set you back USD55-80 and from Cuzco even more. There is a luxurious service that can cost as much as USD700 . Peru Rail (Cusco or Ollantaytambo to Aguas Calientes) is a concession run by foreign investors; so much of the money does not stay in Peru. (Some people take this into account when they choose their way to get to Machu Picchu.) Inca Rail (Ollantaytambo to Aguas Calientes) is a concession run by Peruvian investors. Advance train bookings are recommended, as trains are often sold- out, particularly return trains but you can typically get a last minute booking on the extremely early morning train. The final train of the day from Aguas Calientes to Ollantaytambo arrives around 11pm. There are normally plenty of taxis and minibuses waiting for

customers to drive back to Cusco, where you’ll arrive around 1am. Make sure you don’t take too long to get off the train, as there is normally a mad scramble to get going ASAP. Alternatively stay in Ollantaytambo. Whilst train fares are high, service is generally good both at offices, and on- board. Even the cheapest class of train includes a drink and snack, and the trains are clean and comfortable. Whilst at the stations, you may see less comfortable and very busy trains full of people. These are for Peruvians only (mostly workers in Aguas Calientes). The fares are tiny in comparison to the tourist trains, but without a Peruvian ID card, you won’t be sold a ticket, or be allowed on board. There are ID checks for all passengers on all trains when

boarding. In Aguas Calientes, make sure you proceed through the manned gate to the tourist waiting room, and not to stop or join the queue for the locals train to your left when entering the station. If arriving by train into Aguas Calientes, walk out of the station and keep going roughly straight through the warren of handicraft stalls and over a foot bridge to the bus departure area. Frequent buses leave to the ruins (USD10 one way or USD19 for a pair of one way tickets), for adult foreigners) starting at 05:30. There's often a queue, so if you're intent on being on the first bus up, you should arrive at least 90 minutes early. The journey takes around 1/2 hour to slowly wind around the switchbacks and up to By bus from Aguas Calientes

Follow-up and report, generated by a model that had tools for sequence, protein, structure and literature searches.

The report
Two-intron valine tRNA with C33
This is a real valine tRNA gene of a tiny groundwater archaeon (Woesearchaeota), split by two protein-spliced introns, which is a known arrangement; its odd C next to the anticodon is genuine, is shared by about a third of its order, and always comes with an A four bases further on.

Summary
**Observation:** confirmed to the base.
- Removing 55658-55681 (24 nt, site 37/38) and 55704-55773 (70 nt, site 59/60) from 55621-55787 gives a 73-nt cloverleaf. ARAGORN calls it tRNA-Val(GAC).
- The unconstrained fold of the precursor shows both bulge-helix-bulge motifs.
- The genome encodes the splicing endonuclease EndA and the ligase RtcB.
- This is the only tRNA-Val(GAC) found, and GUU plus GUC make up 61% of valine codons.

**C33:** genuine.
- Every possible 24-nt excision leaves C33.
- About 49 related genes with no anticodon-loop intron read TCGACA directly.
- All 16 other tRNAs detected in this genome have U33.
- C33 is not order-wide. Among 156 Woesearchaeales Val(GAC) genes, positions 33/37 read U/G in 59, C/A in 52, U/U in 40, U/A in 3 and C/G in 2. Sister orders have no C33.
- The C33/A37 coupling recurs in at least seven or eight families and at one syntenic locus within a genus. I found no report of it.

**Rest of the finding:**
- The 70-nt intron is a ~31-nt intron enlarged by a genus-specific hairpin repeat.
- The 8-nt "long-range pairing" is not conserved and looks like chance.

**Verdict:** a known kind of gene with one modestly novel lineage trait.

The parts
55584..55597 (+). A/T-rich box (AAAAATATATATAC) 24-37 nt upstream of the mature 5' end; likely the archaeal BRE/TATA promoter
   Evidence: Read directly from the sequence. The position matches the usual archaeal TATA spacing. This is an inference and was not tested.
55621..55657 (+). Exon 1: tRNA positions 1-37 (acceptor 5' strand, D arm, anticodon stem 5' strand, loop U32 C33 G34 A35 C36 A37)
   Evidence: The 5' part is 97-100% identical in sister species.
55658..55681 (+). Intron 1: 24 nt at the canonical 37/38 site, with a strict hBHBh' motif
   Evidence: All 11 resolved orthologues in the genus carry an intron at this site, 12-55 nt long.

the park. Buses depart when full, which typically means they run quite regularly. At popular times, there may be a lengthy queue for the buses and a lengthy queue to buy bus tickets, so plan the return trip accordingly in order not to miss train departures. On foot from Aguas Calientes From Aguas Calientes to get to the ruins themselves it is also possible to walk along a similar 8km route that the buses run, which will take about 1- 2 hours up, and around an hour back down. This route is mainly stairs, connecting the switchbacks that the buses take. It is a strenuous and long hike but is very rewarding, recommended to start around 05:00 when the gate at the bridge opens (it takes around 20 minutes to walk from

Machu Picchu — the ancient city of the Inca Empire - airpano.

Aguas Calientes to the bridge (where a checkpoint is in place to verify that hikers already have entrance tickets), so there is little use in starting from Aguas Calientes earlier than 04.40), to make it to the top before sunrise. The descent is fairly easy, just take care when the steps are wet. Keep alert for the bus drivers that rarely brake for pedestrians.

On foot via the Inca Trail

Hiking the Inca Trail is a great way to arrive as you first see the city through the Sun Gate (instead of arriving from below as you do from Aguas Calientes). Both the four-day and two-day hikes are controlled by the government. Travellers should be fit enough to walk for days and sleep in tents. Every traveller needs to travel with a tour agency because of the rules and regulations of entering the park. Some of these approved tour agencies: Tierras Vivas , Cusi Travel , Llama Path, and Adventure Life.

Alternative treks to Machu Picchu

There are also other options available for hiking to Machu Picchu. This is important to know as the Inca Trail hike